• “From Cordwainer Smith’s Underpeople to David Brin’s Uplifted dolphins; from Puss in Boots to Brian Jacques’s Redwall, science fiction and fantasy are replete with sentient beasts, some more humanized than others. But there has never been another series with quite the punch and heft of Robert Repino’s War With No Name saga. Its visceral palpability, hypnotic fatedness, and emotional gravitas make it the War and Peace of beast fables. The latest installment, D’Arc, carries forward the future history of this posthuman world with searing action, unexpected twists and brilliant new characters. Think Margaret Atwood crossed with Robert Stone, and you are maybe halfway to Repino’s virtues.” —Paul Di Filippo, author of Lost Among the Stars, Ribofunk and A Mouthful of Tongues, among others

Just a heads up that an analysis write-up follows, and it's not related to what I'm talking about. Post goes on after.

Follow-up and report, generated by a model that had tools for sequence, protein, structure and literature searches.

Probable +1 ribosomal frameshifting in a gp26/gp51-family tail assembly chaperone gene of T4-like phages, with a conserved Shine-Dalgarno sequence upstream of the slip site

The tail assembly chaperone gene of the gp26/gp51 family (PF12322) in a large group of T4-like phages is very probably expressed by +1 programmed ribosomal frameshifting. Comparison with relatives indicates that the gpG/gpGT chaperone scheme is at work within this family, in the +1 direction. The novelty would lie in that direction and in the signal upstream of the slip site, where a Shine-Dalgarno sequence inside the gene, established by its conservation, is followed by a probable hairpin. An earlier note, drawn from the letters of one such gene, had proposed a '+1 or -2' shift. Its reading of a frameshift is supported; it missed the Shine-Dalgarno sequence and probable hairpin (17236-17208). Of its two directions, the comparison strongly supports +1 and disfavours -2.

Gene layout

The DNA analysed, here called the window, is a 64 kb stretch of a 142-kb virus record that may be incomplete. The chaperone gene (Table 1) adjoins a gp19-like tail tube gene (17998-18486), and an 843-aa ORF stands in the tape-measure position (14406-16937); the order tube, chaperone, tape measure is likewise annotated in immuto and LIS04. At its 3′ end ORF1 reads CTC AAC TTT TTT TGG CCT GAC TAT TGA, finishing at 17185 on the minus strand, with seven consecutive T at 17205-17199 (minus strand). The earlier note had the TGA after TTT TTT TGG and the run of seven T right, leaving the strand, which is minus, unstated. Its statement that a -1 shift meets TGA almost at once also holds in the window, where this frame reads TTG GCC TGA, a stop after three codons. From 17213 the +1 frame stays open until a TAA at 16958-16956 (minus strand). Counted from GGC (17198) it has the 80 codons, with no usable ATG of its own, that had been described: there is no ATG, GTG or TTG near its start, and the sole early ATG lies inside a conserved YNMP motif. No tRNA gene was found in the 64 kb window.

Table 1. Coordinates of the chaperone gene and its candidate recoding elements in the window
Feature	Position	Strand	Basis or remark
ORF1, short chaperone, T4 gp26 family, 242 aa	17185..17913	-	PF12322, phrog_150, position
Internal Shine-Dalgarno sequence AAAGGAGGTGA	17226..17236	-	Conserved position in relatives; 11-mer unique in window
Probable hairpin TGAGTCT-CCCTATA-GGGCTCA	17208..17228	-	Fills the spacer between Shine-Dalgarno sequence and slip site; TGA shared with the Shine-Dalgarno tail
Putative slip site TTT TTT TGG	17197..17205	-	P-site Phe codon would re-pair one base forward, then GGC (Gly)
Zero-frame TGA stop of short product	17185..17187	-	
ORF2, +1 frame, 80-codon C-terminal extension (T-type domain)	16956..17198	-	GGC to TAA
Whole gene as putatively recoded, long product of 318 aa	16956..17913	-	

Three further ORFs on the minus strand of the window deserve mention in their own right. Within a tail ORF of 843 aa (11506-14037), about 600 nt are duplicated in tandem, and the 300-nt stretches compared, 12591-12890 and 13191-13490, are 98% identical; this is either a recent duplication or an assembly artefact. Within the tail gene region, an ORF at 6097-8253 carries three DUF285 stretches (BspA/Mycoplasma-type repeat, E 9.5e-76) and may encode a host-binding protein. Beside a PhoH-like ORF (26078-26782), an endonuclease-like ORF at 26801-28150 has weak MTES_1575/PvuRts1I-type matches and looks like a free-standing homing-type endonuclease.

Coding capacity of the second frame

• “Think The Fantastic Mr. Fox, with advanced weaponry. Charlotte’s Web, with armed combat. The Wind in the Willows, with machetes. D’Arc is all this and way more besides. Weaving together threads from dozens of ideas, Robert Repino tops his Mort(e) with an epic allegory at once strange, frightening, funny, and altogether remarkable. Repino’s dog, cat, and beaver soldiers are nakedly real, as honest as any characters in modern fiction. As horrible as it may sound, may The War With No Name never end.” —Corey Redekop, author of Husk